In an effort to understand Barack Obama better, I've been reading the book Obama: From Promise to Power written by David Mendell, a journalist for the Chicago Tribune, who got an intimate look at Obama when he was covering the candidate in his successful Illinois senate campaign.
The portrayal of Obama reveals him to be a complex man, with strengths and flaws both inherited from his upbringing and his parents.
He clearly idealized his mother and has been quoted as saying, "all of the good qualities I have, I got from her."
His grandmother was, by contrast, quite a skeptic. With a cagey, sometimes distant, often crusty streak, she was the one who called into question her daughter, Barack's mother's, pie-in-the-sky dreaminess. She was the voice of reality and pragmatism and she did not mince words and spoke her mind no matter the consequences. Though she had no college education, she had a self-made ethos that had taken her from rural Kansas to Hawaii as a bank secretary and then all the way to being the Vice-President of the bank itself. Though not particularly political and vaguely liberal, she was often inclined to vote Republican. With a provincial Kansas sense of skepticism of the outsider, she cast doubt upon her daughter's new husband, a Kenyan exchange student named Barack Hussein Obama. The Barack Hussein Obama we know is actually Barack Hussein Obama, Jr.
Obama, Sr. was an undeniably brilliant man himself. He came to America from Kenya as an exchange student to the University of Hawaii. He was a devout atheist, graduated top of his class in Economics, possessed an eloquent velvety voice tinged by a British accent, but was by no means especially physically attractive. His personal life, particularly with women was almost always a mess. He fathered nine children by four wives through the course of his life. After leaving the family when Barack was 2, he utterly abandoned his new wife and toddler son to take a fellowship at Harvard, never to return. In response, this resulted in a painful divorce.
In addition to his struggles with alcohol, Obama Sr. was a failed Kenyan politician. Though he had worked for an oil company, and though he had been sent by the Kenyan government to obtain American education to improve Kenya, upon his return to his native land, he did not have the tact and the diplomacy necessary to make the concessions and compromises necessary to be a success in politics or business.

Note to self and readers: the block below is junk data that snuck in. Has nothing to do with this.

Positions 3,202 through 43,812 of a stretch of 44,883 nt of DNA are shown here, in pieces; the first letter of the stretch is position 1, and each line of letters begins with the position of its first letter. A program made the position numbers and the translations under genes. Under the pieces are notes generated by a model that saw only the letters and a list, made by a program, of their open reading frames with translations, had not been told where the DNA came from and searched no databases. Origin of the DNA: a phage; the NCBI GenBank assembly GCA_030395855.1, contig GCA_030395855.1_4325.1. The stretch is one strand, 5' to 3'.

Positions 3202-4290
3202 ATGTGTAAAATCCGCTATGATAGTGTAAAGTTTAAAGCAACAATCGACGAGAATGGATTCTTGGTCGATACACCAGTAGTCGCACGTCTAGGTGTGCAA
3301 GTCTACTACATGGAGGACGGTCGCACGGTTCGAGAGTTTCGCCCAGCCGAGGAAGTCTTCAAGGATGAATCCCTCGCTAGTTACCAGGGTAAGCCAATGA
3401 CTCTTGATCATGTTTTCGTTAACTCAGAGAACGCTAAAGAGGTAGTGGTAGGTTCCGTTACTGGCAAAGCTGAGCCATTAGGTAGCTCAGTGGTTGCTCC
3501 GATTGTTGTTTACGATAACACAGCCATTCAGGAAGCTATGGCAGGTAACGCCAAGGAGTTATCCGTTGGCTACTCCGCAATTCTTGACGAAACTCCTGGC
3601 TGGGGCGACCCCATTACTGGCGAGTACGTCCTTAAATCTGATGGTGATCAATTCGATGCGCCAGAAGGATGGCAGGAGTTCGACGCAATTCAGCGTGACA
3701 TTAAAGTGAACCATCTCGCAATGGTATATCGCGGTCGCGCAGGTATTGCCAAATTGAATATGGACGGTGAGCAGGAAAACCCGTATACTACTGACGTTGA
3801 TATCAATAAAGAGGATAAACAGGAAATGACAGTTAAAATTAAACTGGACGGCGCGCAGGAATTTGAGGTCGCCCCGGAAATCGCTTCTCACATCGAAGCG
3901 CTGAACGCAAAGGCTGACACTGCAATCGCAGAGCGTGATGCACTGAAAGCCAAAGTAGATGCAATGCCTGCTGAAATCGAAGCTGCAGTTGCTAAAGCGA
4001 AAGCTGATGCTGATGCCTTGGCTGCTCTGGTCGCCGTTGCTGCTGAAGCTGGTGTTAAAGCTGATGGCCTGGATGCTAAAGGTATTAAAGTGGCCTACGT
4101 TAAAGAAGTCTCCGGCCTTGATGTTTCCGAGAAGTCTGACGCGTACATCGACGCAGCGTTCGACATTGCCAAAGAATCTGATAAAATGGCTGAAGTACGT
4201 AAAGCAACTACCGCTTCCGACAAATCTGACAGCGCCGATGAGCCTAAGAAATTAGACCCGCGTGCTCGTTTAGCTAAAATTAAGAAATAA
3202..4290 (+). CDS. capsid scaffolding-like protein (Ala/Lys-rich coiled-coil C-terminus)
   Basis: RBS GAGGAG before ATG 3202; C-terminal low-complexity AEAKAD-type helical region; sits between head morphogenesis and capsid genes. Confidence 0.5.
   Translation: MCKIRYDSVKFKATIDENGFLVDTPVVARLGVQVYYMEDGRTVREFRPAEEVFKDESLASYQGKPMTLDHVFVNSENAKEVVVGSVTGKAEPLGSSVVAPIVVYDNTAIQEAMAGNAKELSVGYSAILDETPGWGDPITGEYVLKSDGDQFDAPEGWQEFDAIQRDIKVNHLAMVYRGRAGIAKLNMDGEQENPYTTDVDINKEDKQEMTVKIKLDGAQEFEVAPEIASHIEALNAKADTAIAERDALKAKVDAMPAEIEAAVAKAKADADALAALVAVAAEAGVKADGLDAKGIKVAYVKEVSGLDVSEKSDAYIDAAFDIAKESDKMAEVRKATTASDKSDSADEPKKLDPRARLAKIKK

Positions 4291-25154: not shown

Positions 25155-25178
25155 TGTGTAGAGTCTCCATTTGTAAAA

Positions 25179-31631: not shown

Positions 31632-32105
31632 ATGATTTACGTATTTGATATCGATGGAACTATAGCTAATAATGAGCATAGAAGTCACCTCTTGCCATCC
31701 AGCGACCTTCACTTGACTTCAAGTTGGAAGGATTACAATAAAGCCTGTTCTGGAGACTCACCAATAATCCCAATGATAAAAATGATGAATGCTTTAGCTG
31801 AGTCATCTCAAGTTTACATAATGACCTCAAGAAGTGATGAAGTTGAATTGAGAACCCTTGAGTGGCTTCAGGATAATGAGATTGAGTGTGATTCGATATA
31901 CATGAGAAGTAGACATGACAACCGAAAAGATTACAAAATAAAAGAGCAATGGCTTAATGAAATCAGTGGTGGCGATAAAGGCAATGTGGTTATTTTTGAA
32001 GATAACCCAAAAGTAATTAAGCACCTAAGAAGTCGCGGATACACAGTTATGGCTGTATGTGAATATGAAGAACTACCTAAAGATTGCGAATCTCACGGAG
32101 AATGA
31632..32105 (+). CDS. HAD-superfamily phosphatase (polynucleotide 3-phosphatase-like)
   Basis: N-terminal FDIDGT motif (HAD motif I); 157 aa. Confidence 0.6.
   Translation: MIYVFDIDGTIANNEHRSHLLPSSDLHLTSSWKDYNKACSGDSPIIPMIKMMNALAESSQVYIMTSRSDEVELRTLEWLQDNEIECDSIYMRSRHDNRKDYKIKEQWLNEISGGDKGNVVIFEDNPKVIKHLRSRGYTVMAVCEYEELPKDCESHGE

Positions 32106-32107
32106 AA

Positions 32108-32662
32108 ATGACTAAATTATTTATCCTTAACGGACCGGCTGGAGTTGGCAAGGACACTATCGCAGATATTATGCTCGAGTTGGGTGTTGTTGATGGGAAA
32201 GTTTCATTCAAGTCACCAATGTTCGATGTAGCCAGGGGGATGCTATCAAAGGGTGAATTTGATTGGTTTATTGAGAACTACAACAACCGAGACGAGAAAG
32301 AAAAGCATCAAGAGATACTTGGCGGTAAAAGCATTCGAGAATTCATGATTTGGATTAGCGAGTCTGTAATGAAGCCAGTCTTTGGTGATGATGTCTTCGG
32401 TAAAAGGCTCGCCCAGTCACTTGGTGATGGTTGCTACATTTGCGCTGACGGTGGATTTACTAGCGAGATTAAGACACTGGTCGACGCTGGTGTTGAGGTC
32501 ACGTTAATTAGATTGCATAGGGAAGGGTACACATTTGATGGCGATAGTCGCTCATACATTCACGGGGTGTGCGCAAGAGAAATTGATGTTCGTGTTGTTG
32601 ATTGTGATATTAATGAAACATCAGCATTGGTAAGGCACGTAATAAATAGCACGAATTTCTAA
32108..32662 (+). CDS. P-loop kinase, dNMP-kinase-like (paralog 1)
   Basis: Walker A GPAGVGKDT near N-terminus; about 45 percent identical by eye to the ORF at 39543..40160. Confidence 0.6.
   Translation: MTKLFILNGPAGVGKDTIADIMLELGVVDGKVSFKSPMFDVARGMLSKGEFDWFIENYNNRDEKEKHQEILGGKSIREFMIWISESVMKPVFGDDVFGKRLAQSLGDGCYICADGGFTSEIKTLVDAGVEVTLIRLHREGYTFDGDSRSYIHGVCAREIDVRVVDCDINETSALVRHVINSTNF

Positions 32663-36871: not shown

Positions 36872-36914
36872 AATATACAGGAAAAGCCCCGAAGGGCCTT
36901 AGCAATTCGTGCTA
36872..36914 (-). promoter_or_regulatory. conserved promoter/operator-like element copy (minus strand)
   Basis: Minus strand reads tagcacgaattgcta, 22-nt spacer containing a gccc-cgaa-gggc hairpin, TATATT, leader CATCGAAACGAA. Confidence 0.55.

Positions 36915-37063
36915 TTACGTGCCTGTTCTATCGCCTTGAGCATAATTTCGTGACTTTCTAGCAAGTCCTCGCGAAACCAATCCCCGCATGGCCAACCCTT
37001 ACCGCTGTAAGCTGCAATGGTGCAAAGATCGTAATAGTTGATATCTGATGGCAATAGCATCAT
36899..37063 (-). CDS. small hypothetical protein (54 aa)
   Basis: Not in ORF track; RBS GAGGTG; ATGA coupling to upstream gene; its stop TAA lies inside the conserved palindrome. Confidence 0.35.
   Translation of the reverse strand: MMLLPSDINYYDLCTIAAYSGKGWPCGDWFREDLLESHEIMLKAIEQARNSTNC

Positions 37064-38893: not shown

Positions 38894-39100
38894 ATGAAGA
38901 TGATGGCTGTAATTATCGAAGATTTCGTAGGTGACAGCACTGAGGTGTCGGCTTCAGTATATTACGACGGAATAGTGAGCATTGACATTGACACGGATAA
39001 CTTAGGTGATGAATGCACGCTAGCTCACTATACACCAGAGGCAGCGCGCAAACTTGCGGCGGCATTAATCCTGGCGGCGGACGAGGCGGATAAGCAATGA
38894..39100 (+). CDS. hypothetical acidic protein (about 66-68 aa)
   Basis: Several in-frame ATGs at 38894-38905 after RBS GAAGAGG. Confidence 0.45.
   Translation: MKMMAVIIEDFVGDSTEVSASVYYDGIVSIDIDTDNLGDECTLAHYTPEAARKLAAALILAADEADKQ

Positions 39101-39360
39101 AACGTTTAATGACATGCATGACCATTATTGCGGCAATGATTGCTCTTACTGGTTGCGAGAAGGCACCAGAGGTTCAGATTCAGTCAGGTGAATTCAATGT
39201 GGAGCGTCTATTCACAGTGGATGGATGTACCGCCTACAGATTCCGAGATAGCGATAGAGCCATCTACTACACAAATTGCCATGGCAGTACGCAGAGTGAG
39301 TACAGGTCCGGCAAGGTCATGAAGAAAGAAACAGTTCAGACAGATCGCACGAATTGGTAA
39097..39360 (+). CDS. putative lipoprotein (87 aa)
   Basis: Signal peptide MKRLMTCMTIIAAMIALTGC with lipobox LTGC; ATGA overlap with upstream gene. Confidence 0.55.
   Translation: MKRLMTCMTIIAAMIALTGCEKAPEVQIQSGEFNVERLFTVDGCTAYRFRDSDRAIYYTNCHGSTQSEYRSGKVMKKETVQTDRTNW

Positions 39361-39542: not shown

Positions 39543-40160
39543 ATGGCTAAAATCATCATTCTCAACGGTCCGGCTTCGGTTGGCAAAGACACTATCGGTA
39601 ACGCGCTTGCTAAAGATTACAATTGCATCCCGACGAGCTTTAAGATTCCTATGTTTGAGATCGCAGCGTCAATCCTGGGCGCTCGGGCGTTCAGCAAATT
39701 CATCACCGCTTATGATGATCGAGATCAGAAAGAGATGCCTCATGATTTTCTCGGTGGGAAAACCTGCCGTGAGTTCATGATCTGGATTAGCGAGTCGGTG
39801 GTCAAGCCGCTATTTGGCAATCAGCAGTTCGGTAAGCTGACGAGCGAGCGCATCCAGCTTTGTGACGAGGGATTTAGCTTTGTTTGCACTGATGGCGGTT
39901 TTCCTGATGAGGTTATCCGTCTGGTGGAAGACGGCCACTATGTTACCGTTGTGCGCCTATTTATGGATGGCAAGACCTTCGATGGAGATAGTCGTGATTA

Obama has always had an ambivalent relationship with his father, and an idealized one with his mother. While it is clear he does not hate his father, one senses some resentment at his behavior and his father's personal failings. One also senses, and this is confirmed through Obama Jr.'s writing, that he is attempting to redeem the mistakes of his father while reconciling that his father tried to do his best, but could not.
If self-identification is the core of who we vote for and if we vote with our heart above all else, then these both influence my support of Senator Obama for President. He and I both have an ambivalent relationship with our father. He and I both idealize our mother, who was a gentle dreamer, a Pollyanna, and inclined to see the best in people first. His mother, like mine, is an unapologetic liberal fighting for social justice and with a strong sense of morality. He and I are both the only son of nurturing, intelligent women, whose failings may be that they saw the best in people more than they were ever willing to see the failings. My father was the crusty, cynical, pragmatic side of affairs, quick to speak his mind, inherently skeptical, and politically moderate, though inclined often to vote Republican. Obama and I both had grandmothers who rose up from rural poverty to some degree of middle class success, without college degrees, largely self-made, albeit possessed with an unsentimental streak that made them far more comfortable in a man's world than in a woman's.
These are the influences that shaped Barack Obama, and many of them are the influences which shaped me. I feel as though I understand Obama fairly well because his story is closely linked to my own, and indeed, I think I am not alone in that sentiment.